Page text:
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Tuesday, February 21, 2017


A beautiful movie that has plenty of the poetry of life in it. (Review: Patrick Compton -9)

Following the OscarsSoWhite debate in Hollywood feels a lot like the ongoing discussion about quotas in South African cricket. There are people who feel that merit alone should dictate Oscar awards and places in cricket teams, while others believe this attitude conceals a spider’s nest of racist assumptions.

In Hollywood, indeed, there are those who say the dearth of awards for black actors in 2015-16 simply reflected the fact that actors who happened to be white produced the better work. Others strongly disagree.

The debate is a toxic one, and will remain so, particularly until the Academy restructures itself. In 2014, for example, only 2% of the Academy’s voters were black. That profile is changing, not just racially but also in favour of more women and younger voters generally.

Meanwhile, for those of us who are simply interested in good work getting rewarded, it’s a relief when movies of the undeniable quality of Barry Jenkins’s Moonlight and Denzel Washington’s Fences receive Oscar nominations.

Moonlight, which landed in Durban last Friday, is a remarkable film about being black, gay and alienated. That doesn’t necessarily sound like hit material, but Jenkins has made a beautiful movie that has plenty of the poetry of life in it. I don’t think I’ve ever seen anything quite like it, although movies like Richard Linklater’s Boyhood and Terence Davies’ The Long Day Closes do come to mind.

The film, adapted from Tarell McCraney’s play In Moonlight Black Boys Look Blue, is a stunning character study of the boyhood, adolescence and early manhood of an African-American, Chiron, who comes from a Miami housing project.

The character is played as a young boy by Alex Hibbert, as an adolescent by Ashton Sanders and as a young man by Trevante Rhodes. All three give magnificent performances in their various different keys.

Chiron begins as a victim. He never knew his father, and is the son of a crack-addicted mother (superbly played by Naomie Harris) who has little time for him. He also harbours nascent feelings that he may be gay. It’s one of the ironies of the film that, in part one, he is taken under the wing of the community’s drug lord, Juan (Mahershala Ali), who surprises us with the degree of empathy he shows for the youngster.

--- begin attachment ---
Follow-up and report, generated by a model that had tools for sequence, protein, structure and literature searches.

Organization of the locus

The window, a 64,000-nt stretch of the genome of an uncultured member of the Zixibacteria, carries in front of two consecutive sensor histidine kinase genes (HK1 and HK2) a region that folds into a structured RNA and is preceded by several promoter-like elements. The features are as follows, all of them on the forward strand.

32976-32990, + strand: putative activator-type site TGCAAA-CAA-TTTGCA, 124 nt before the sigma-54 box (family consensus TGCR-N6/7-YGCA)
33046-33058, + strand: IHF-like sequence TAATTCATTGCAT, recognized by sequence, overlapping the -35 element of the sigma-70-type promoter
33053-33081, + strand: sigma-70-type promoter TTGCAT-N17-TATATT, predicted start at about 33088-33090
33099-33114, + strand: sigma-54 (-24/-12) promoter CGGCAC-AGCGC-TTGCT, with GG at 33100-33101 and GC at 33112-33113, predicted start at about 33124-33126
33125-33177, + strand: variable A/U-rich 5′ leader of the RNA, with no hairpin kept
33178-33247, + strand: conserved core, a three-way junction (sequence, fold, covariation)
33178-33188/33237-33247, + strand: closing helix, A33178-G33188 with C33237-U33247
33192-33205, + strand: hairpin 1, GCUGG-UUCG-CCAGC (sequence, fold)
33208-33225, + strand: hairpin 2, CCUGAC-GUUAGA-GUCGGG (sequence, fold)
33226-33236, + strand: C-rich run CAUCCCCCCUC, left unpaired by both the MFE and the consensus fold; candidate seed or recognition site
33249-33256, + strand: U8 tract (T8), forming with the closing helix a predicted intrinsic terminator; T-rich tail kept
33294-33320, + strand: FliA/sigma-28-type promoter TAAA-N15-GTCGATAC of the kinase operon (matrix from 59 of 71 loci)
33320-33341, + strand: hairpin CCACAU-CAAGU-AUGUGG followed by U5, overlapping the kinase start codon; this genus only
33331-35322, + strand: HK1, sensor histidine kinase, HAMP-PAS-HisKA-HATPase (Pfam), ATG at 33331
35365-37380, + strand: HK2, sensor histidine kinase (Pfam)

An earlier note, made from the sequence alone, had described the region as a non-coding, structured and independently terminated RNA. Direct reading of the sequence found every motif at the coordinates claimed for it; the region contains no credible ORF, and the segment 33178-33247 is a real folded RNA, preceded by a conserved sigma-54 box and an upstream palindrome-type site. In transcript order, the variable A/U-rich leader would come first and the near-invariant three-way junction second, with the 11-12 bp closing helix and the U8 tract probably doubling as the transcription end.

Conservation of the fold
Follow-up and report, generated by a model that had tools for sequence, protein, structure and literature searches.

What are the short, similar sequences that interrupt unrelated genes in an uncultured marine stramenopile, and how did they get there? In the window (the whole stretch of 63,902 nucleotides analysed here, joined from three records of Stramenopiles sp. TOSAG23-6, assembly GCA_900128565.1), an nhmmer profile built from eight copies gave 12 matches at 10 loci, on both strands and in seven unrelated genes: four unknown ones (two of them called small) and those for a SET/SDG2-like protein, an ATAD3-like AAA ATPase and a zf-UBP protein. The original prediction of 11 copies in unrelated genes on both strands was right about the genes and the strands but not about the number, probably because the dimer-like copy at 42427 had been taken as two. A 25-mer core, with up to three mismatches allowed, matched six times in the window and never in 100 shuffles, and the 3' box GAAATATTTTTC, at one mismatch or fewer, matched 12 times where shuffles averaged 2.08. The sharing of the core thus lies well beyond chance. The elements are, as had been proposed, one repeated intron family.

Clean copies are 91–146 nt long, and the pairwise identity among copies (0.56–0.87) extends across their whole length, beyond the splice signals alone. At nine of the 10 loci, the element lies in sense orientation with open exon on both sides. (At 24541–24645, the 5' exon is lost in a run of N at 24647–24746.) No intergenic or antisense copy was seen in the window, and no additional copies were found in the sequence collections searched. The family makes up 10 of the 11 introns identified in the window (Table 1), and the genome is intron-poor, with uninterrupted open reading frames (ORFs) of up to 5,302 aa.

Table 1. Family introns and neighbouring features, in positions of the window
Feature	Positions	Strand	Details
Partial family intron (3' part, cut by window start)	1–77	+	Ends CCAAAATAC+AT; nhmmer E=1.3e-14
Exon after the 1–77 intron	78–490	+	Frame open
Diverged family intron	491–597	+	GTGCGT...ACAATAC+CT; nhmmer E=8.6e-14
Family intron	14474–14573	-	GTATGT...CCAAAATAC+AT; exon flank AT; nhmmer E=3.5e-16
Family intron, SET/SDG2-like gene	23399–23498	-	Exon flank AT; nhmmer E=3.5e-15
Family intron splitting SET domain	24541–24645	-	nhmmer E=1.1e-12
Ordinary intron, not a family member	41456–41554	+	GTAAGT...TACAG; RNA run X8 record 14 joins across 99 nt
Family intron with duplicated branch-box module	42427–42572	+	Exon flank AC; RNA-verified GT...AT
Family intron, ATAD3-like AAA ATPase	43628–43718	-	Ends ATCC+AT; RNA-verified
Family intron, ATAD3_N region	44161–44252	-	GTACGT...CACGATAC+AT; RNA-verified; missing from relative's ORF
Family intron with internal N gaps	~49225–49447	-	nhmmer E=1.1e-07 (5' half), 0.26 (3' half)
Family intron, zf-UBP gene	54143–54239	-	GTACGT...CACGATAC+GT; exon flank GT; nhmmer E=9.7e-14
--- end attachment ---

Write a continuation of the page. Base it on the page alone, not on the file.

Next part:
It’s no great stretch to work out that life at school for someone like Chiron has got to be a nightmare, and so it proves. Timid, economic with words to an almost obsessive degree, Chiron is like an iceberg, with most of what defines him, particularly his feelings and thoughts, rigidly concealed from public view.

The theme of concealment continues throughout the film, so that when the grown-up Chiron appears in his final guise as a muscular, bling-garlanded drug dealer, we recognise that this may be his most successful disguise.

Moonlight, wonderfully shot in rich, glowing colours by cinematographer James Laxton, is the story of a life, and one of its major themes is the nature of manhood. How tough have we got to be to conceal our fragilities (being gay is not an obvious source of strength in African-American, or, indeed, African society), how much of the truth can we risk, and to what extent do we dare to be tender and expose ourselves to the emotional tsunami of love?

This is brought out, in varying degrees during the film, by Chiron’s roller-coaster of a friendship with Kevin, also finely played by three actors, Jaden Piner, Jharrel Jerome and AndrĂ© Holland as the adult.

Moonlight represents a series of happy surprises. It is not a conventional drama, not even a social-realist discourse on contemporary African-American society. It is nothing less than a deeply empathetic portrait of a life – that it is a gay black man’s life in the United States takes nothing away from its sense of universality.

Moonlight is currently running at Cinema Nouveau, Gateway Mall. – Patrick Compton